Everyone knows what it’s like to stand up and realize your back is stiff from sitting too long, or to fidget in your desk chair because you can’t find a comfortable position.
But when those sensations are happening every day, or when you’re experiencing frequent and distracting low back pain, it’s probably an indication of a larger issue.
The reality is, our bodies are not designed to sit for long periods of time.
How to Manage and Reduce Low Back Pain
So whether you’re working at a desk for 8 hours every day, or sitting down on the couch to rest and watch TV for a few hours after a long shift on your feet, extended periods of sitting down can harm your back over time.
Fortunately, there are things you can do to protect your back from these issues. And if your low back pain is too much to manage on your own, or you suspect it’s a symptom of a larger problem, an experienced chiropractor can help you find relief.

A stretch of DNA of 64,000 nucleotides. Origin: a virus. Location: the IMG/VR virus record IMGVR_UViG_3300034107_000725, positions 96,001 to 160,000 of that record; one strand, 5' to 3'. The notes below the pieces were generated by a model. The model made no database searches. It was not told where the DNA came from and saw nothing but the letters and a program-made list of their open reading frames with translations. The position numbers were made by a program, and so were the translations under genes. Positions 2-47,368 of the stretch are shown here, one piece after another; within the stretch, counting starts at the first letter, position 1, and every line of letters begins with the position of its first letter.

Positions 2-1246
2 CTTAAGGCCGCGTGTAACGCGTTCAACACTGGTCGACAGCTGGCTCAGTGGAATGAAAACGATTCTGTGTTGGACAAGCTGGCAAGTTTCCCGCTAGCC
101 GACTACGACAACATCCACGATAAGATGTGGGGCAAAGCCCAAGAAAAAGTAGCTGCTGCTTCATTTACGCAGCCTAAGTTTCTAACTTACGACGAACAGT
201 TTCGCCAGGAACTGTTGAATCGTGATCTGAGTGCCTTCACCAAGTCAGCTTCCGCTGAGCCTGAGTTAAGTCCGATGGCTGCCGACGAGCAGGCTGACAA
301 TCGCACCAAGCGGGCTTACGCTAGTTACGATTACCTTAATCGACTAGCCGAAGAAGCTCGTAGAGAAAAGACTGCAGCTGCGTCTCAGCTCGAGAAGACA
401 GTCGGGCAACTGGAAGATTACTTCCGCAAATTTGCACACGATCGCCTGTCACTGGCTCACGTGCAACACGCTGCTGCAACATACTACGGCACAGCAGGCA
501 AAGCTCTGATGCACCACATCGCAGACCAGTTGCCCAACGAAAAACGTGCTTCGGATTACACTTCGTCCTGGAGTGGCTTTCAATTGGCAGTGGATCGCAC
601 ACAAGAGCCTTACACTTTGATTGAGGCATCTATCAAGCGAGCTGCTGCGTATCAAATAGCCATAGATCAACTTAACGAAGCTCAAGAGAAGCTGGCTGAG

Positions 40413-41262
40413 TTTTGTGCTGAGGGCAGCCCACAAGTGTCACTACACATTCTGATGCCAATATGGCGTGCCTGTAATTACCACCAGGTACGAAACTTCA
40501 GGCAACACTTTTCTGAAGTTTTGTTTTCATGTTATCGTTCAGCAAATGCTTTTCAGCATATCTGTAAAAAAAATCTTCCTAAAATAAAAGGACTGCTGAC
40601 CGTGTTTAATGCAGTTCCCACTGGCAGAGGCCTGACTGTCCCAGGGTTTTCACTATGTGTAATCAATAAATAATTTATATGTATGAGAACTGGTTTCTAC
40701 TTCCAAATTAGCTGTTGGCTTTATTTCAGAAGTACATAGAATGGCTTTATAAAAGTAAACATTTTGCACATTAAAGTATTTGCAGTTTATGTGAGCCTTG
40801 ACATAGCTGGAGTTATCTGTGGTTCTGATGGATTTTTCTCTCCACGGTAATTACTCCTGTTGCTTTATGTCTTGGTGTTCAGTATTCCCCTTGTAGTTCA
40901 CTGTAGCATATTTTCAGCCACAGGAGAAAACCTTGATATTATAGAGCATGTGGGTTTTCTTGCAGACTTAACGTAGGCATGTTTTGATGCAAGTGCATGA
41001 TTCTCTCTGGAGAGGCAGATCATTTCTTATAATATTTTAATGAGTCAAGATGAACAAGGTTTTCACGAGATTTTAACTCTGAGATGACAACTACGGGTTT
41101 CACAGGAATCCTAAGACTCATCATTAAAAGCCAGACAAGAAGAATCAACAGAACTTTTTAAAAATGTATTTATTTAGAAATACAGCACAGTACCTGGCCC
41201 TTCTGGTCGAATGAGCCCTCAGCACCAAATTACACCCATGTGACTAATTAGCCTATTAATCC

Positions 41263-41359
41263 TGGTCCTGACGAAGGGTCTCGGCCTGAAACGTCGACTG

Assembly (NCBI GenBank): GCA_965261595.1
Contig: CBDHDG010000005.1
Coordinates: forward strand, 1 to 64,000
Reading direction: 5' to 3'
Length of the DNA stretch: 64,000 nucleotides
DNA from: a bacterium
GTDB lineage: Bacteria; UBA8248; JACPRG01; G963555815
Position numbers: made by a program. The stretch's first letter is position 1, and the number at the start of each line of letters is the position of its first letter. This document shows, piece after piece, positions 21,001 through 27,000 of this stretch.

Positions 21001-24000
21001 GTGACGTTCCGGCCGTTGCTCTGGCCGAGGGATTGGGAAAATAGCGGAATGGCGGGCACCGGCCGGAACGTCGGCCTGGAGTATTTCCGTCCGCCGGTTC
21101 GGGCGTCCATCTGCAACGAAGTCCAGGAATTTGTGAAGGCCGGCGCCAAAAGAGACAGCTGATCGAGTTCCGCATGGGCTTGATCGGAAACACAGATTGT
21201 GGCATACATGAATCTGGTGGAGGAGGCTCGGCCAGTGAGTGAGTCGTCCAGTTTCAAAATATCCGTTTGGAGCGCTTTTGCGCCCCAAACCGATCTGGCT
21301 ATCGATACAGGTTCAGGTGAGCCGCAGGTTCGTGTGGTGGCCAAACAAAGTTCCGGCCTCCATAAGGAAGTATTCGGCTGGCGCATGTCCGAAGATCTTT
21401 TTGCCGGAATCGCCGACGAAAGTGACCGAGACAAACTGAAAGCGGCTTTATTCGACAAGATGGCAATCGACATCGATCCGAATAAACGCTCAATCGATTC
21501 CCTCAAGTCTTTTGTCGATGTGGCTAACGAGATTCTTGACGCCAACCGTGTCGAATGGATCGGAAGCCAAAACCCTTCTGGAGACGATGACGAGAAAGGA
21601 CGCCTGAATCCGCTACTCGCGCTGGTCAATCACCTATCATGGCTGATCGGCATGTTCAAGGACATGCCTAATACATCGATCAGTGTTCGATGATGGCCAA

Why Sitting in a Chair Hurts Your Back
Sometimes low back pain results from a traumatic injury or a serious degenerative condition. But often, low back pain occurs simply because the way you’re sitting does not support your spine.
In general, the spine and all the joints and muscles that support it need regular movement to stay flexible and healthy. When you sit in the same position for hours at a time every day, it can cause the muscles that stabilize your spine to atrophy.
And if you spend some of that time slouching or hunching over to look at a screen, that places extra pressure on the discs that provide cushioning between the vertebrae in your back, which over time can cause them to wear down.
How to Stop Your Lower Back from Hurting When You Sit
You may not have control over the amount of time you spend sitting each day, but that doesn’t mean that you can’t take action to. Whether you already experience low back pain or you just want to be proactive in preventing it, here are a few key areas to focus on:
- Improve Your Posture
When you think of perfect posture, you probably imagine someone sitting perfectly straight, but this is actually not accurate! Good posture is about allowing your back to maintain its natural, relaxed curve.